“This dog was basically chained to a tree and starved to death. If the police hadn’t been called to the house for a search warrant, the other dog would probably have died too.
“This is the worst case of neglect I have seen in the Cayman Islands and it should be brought to the courts and prosecuted.”
— Jason Jairam, shelter manager, Cayman Islands Humane Society
Police officers raided a home in Prospect on Friday, looking for a criminal suspect. In addition to their man, they found a dog — chained to a tree, sun-beaten and starving, next to another dog that had not survived the same conditions.
The incident should serve as Cayman’s “Michael Vick moment” (an allusion to the former NFL star’s conviction for dogfighting); a badly needed wake-up call to the country of the prevalence of barbaric animal cruelty, and, furthermore, that the casual torture of dogs is just one category of innocent suffering that we should not allow to continue to occur.
The case of “Lennie” (the puppy who lived) and his unnamed companion (who did not) illustrates three important points about the broader nature of crime in Cayman.
First, the connection between animal cruelty and criminality in general: The dog was discovered at a home that was harboring a fugitive from justice. Scientific studies have shown a correlation between disregard for animal life (or laws governing the treatment of animals) and disrespect for human life.
Second, the culture of silence and fear: As Mr. Jairam said, the neighbors surely would have seen the two dogs chained to the tree, starving for days or weeks, and yet nobody called to report the cruelty or otherwise did anything about it. Similarly, time and time again, when violent crimes occur in full view of multiple bystanders, police and prosecutors are consistently unable to produce witnesses who care enough, or are brave enough, to testify in court.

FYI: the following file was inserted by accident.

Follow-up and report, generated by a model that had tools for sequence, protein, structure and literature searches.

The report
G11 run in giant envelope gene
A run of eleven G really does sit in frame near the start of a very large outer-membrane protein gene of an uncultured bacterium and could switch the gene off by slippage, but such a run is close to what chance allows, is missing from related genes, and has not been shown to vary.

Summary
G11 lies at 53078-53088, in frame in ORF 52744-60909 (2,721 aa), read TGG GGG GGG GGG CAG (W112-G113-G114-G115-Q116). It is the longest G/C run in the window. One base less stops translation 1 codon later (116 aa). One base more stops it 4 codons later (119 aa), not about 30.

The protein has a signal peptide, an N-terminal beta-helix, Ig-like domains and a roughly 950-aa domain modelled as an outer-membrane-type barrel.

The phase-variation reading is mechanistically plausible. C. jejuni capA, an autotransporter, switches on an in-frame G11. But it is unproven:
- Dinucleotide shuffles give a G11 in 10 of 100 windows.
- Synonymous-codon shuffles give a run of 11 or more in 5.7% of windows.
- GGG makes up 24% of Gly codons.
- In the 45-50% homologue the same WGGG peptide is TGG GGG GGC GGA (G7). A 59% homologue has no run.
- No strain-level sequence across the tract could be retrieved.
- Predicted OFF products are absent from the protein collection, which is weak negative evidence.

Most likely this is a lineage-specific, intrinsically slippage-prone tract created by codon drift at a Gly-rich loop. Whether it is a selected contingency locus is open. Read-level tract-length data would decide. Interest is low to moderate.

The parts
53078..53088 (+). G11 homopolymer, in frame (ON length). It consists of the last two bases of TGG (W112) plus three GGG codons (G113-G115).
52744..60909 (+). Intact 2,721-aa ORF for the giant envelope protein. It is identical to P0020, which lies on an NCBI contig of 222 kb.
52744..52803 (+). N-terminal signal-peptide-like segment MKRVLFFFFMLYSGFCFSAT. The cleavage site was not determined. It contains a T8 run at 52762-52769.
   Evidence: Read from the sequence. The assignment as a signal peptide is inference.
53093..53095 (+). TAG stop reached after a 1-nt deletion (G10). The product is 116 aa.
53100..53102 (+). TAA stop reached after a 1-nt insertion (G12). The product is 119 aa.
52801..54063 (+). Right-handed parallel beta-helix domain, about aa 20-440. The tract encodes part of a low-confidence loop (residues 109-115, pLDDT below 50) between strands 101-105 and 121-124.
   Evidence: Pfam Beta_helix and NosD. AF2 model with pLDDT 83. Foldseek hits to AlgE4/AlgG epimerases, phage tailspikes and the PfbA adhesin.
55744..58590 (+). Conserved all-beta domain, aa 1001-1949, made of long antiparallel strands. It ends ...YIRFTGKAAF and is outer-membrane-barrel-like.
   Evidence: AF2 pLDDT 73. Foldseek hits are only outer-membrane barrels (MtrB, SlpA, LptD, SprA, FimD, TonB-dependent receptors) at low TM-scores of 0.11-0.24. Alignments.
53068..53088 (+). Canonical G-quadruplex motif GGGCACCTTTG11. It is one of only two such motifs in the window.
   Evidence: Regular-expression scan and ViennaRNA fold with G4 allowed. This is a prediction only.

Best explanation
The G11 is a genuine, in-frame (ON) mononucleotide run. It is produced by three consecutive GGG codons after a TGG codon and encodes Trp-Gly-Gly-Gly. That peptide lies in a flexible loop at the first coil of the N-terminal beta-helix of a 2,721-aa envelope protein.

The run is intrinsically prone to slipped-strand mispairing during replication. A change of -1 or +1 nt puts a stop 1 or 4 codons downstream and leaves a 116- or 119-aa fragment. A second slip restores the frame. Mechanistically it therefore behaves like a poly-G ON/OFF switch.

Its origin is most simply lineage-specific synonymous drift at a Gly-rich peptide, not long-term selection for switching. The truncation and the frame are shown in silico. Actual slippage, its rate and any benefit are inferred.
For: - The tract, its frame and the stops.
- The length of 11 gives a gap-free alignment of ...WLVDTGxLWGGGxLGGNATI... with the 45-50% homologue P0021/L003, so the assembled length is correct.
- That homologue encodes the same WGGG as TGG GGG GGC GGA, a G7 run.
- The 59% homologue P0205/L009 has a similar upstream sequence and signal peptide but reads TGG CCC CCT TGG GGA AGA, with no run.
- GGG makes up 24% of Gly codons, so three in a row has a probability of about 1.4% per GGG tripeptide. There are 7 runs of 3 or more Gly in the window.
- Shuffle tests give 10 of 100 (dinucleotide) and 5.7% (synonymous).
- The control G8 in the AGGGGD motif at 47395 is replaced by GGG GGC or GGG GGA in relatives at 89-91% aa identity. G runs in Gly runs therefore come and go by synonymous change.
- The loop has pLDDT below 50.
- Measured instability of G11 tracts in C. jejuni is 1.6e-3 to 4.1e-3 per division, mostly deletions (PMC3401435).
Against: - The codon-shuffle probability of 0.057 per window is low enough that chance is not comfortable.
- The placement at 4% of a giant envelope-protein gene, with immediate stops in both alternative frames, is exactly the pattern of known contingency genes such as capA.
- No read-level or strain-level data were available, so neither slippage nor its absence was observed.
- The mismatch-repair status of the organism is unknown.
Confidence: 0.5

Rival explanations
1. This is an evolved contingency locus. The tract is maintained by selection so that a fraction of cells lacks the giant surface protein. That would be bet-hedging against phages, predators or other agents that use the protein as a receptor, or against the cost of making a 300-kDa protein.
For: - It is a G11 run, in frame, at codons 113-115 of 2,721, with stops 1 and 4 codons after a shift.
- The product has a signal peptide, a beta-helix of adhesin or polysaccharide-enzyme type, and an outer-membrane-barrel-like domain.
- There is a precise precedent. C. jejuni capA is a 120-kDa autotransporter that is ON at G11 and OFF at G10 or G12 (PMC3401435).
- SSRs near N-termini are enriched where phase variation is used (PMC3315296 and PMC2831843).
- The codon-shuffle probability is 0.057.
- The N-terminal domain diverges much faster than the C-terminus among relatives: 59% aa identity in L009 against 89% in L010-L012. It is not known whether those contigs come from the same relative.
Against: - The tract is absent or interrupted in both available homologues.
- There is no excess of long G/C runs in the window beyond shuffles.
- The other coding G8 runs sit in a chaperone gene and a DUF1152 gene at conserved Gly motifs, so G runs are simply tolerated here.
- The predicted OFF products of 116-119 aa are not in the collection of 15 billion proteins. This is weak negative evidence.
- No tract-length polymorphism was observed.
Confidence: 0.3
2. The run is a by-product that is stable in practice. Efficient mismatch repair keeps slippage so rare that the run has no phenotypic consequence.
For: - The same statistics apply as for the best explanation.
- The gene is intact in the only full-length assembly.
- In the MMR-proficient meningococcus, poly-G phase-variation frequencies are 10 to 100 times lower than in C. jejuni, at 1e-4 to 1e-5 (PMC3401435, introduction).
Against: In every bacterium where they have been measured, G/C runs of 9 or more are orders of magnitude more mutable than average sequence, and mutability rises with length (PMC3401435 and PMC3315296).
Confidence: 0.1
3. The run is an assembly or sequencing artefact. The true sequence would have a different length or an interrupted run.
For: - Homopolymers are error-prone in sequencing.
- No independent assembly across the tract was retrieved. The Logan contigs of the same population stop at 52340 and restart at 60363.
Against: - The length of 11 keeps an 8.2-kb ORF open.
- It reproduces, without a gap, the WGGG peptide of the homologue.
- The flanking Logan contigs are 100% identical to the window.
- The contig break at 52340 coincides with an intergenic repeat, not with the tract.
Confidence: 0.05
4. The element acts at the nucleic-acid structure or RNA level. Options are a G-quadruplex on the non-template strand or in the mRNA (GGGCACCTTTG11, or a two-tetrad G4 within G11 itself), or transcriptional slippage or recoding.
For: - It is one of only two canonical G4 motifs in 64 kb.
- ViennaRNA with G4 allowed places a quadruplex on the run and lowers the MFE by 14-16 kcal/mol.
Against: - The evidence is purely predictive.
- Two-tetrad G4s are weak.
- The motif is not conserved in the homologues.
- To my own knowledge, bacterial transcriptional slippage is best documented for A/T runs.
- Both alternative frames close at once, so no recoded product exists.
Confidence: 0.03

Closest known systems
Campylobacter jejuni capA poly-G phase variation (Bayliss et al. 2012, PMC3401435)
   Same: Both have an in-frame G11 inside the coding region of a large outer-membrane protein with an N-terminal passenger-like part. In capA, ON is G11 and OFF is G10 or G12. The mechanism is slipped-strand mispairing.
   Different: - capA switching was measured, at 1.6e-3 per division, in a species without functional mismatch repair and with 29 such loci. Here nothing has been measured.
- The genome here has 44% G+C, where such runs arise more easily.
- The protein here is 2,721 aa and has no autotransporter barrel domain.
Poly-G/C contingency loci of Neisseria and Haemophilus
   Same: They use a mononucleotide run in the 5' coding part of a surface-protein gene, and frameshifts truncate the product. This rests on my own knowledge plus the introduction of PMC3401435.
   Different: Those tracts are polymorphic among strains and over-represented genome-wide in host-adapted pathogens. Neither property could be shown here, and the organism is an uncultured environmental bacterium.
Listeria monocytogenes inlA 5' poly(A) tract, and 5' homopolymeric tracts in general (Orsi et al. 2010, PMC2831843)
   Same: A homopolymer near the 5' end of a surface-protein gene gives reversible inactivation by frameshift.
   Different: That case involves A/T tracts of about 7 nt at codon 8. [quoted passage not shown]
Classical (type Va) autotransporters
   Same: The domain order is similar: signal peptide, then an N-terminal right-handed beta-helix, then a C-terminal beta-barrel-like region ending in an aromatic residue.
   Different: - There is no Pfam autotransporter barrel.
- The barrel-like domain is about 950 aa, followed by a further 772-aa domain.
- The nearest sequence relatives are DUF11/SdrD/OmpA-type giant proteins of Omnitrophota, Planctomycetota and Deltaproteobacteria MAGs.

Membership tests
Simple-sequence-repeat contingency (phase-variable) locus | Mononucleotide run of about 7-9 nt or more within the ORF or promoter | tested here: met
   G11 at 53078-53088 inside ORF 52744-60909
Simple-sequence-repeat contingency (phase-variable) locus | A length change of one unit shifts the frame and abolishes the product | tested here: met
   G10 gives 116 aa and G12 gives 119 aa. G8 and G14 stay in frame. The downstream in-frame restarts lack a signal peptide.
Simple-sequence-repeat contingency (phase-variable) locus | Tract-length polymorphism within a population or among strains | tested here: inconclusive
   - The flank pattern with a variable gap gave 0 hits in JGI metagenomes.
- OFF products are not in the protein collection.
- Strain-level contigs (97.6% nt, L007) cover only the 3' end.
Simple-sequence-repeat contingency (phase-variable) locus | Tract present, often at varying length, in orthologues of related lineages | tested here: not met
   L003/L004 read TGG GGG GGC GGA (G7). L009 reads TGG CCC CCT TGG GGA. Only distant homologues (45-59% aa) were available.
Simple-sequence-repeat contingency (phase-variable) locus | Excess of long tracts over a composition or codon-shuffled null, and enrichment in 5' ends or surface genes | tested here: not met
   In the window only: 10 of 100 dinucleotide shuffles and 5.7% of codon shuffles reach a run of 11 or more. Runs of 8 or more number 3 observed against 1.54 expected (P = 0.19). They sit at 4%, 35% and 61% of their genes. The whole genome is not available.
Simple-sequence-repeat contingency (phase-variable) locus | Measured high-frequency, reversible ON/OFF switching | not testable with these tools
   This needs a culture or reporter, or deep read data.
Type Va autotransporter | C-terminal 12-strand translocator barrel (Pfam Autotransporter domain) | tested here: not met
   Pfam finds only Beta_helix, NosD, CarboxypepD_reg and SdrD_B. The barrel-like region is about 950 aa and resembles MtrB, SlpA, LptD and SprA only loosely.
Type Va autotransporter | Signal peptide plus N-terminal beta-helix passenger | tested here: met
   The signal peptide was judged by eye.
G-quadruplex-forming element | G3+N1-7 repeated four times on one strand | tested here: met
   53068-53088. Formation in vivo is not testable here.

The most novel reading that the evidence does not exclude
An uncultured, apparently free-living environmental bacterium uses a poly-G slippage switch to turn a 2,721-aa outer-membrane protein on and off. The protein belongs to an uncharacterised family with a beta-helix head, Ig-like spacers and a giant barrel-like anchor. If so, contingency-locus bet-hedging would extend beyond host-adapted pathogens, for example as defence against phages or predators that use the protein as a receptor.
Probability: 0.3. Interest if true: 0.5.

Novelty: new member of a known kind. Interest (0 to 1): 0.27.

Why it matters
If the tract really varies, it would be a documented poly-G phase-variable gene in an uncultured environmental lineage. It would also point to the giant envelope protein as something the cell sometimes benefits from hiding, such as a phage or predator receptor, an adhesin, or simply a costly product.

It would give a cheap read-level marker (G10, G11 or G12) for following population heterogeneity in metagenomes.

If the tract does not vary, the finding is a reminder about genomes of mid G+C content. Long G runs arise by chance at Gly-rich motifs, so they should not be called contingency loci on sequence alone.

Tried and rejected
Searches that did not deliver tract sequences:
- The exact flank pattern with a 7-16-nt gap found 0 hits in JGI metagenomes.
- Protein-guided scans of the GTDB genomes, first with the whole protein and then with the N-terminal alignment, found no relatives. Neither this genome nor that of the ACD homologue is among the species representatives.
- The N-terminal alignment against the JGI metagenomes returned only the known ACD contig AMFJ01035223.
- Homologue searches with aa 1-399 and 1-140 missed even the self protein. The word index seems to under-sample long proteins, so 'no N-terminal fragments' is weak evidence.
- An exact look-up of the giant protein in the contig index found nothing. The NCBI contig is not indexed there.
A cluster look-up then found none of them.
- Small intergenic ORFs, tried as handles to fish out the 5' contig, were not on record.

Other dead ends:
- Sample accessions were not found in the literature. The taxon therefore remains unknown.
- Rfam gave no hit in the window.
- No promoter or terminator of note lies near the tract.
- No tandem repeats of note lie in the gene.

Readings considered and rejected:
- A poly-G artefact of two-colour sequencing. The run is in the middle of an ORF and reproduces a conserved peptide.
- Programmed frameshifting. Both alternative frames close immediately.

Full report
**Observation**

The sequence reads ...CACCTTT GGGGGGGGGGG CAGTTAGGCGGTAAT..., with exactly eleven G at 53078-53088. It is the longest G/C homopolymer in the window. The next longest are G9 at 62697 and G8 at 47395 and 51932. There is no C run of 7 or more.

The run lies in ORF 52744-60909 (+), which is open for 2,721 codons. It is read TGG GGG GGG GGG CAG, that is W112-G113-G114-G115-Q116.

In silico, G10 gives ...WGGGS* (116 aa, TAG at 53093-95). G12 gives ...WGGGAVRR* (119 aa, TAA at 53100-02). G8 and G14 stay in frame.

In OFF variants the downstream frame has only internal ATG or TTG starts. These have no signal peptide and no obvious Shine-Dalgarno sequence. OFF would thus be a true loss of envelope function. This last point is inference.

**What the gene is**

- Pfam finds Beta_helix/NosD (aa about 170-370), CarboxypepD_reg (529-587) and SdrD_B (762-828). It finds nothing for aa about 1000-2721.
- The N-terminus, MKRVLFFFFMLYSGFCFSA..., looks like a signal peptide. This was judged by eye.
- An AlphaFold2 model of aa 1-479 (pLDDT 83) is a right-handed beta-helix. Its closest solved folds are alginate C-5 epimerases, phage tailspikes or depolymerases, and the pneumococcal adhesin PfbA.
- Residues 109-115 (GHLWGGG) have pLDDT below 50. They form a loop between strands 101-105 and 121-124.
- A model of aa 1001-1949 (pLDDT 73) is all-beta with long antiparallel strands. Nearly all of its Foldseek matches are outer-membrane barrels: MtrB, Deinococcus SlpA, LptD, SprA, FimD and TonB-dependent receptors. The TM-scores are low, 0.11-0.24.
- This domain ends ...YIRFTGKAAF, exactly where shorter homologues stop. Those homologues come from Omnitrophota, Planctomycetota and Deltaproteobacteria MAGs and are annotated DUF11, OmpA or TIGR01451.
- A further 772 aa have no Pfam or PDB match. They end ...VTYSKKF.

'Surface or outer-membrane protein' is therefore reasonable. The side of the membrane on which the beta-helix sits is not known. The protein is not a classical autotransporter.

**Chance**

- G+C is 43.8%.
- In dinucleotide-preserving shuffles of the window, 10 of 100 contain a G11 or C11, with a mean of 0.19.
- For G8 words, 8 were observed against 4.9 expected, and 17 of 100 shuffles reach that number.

Third, the non-enforcement of our country’s laws: Mr. Jairam said in his 10 years with the Humane Society, “I have seen all kinds of abuse, but I have never seen or heard of anyone being prosecuted.” In a letter that appears elsewhere on this page, 21-year Cayman resident Bill Stevenson writes that he’s not aware of one arrest or prosecution for animal cruelty despite its occurrence being “common knowledge.” Likewise, we at the Compass have investigated the issue and have not been able to discover one instance of the successful prosecution of offenses against the Animals Law.
The second and third points are inextricably linked. There is a huge price to pay for silence in the presence of wrongdoing. At minimum, it’s the perpetuation of the misconduct. In Cayman, silence is a plague — among society, the business community and even our leadership — on issues ranging from domestic violence, to shameful neglect of the elderly, to mistreatment of domestic workers, to corruption and dysfunction in government.
Dogs, other animals, and also many humans who are suffering do not have the ability or capacity to speak up for themselves. Citizens who do have a voice have an obligation not just to speak up when they see something heinous, but to speak out publicly — and not to stop until something has been done about it.